Tiffany Hsiao, Matthews Asia
For a country steeped in culture and history, China in recent years has been able to breed a mindset of entrepreneurship and innovation among an ever-growing and urbanising middle class.
Add the mainland’s unprecedented scale to the mix, and the foundations for small businesses to compete with much larger peers are easy to see.
“This could be a technology [led] innovation that results in an intellectual property moat, or a business-model innovation where the smaller company has figured out a better way to do business,” said Hsiao, portfolio manager at Matthews Asia.
China’s relatively young and tech-savvy population is a welcome recipient of such progress. Migration trends, policymaking and demographics have combined to create a flexible, mobile workforce that embraces new business models and products.
One out of every two citizens uses a mobile device, for instance, and around 70% of online sales are now made via a smartphone, according to the McKinsey Global Institute. At the same time, while the average smartphone featured just one camera lens three years ago, newer phones contain multiple lenses so that users can record in 3D.
Meanwhile, efforts driven by regulation and various initiatives to expand renewable sources of energy including wind and solar are spawning new industries such as electric vehicles, along with the batteries to power them.
Attention all sectors
These examples barely scratch the surface of the potential investments that China’s wave of innovation creates. Further, small-cap opportunities exist in all sectors of the mainland’s market, not just in technology.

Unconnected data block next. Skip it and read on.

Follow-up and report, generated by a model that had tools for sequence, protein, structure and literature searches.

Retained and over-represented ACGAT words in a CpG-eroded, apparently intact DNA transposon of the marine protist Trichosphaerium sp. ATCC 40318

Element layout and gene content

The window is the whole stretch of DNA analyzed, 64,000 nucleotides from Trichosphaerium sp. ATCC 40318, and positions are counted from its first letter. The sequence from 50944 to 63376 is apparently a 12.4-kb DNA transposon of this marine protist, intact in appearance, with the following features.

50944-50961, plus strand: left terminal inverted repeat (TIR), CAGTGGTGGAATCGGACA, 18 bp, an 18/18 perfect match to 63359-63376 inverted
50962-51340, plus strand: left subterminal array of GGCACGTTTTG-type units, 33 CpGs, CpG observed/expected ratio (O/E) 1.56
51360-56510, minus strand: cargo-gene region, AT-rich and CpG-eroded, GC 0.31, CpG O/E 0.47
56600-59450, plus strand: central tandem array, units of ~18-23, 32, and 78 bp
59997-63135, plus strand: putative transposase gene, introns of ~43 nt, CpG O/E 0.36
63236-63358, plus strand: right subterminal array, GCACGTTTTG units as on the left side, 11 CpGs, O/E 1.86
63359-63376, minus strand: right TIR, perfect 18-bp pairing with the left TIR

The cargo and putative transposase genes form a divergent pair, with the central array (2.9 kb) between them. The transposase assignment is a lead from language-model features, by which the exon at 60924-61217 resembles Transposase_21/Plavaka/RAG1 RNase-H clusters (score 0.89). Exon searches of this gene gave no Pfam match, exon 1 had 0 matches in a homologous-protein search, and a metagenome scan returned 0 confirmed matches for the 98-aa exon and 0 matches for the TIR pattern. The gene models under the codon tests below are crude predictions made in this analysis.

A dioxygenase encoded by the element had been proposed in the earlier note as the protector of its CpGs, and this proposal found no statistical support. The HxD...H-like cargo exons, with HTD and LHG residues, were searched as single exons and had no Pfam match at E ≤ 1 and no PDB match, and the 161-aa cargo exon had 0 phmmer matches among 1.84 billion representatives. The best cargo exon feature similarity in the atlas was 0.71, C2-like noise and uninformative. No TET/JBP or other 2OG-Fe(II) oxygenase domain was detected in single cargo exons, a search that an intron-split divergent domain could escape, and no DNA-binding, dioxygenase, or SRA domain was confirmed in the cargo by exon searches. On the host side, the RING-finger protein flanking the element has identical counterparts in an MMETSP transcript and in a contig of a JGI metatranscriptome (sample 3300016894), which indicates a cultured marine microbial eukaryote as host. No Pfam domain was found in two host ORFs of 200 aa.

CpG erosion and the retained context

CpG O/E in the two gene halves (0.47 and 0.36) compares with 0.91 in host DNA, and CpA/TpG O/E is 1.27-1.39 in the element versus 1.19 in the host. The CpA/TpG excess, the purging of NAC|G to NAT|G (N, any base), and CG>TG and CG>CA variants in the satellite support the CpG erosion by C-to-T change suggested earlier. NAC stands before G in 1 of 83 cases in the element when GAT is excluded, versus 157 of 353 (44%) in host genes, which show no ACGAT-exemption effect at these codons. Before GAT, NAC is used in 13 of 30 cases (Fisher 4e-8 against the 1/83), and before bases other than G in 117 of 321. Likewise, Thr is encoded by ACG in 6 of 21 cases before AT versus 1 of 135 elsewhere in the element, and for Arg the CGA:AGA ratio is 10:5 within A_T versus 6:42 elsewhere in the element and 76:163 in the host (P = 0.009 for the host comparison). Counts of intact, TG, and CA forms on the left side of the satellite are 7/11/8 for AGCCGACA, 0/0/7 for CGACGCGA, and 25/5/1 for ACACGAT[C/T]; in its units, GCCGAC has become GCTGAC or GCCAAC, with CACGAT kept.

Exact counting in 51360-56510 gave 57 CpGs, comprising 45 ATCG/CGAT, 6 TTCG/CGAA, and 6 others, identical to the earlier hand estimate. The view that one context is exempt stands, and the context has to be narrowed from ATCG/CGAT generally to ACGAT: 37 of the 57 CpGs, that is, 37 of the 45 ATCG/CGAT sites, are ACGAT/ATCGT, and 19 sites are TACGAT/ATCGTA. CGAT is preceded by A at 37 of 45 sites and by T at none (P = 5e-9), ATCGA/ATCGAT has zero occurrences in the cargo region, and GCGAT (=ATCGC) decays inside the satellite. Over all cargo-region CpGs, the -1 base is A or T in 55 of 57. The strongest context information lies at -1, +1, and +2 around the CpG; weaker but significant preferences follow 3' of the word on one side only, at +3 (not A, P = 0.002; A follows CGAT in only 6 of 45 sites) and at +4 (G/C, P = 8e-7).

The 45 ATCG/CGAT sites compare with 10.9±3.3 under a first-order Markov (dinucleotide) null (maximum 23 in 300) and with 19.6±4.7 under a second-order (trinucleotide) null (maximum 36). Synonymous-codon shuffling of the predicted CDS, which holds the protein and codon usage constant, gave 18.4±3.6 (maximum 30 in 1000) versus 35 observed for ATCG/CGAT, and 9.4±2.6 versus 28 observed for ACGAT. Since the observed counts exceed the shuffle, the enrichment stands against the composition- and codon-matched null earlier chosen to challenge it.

In particular, Hsiao said, ongoing reforms create prospects for companies focused on all sorts of sectors, ranging from industrial automation to health care to consumer discretionary.
And in areas such as pharmaceuticals discovery or diagnostics, no longer can China be labelled in the West as a “copycat.” Initiatives to foster innovation, for example, have led to research and development programmes that would be envied in many countries.
“We believe small-cap companies in China are at the forefront of the country’s economic shift away from fixed asset investments such as manufacturing, infrastructure and real estate, and toward innovation, consumption and services,” Hsiao explained.
Indeed, she added, the smaller Chinese companies tapping into the entrepreneurial spirit across cities and provinces tend to thrive mostly in productivity- and value-enhancing industries such as automation, health care, e-commerce and education.
Still on solid ground
There was no shortage of alarming headlines in 2018 for investors in China. Trade war tensions, geopolitical risks and worries about a structural domestic slowdown impacted the performance and volatility of the equity markets.
Yet the People’s Bank of China has been responding by implementing accommodative measures, such as lowering interest rates. This highlights what Hsiao said is a determination by the government to steer China’s longer-term structural reform in a positive direction.
Sustainable growth for both the wider economy and corporate earnings should keep smaller companies on the right track–especially those that are innovative and capital-efficient, given their domestic focus and lower dependence on financial leverage.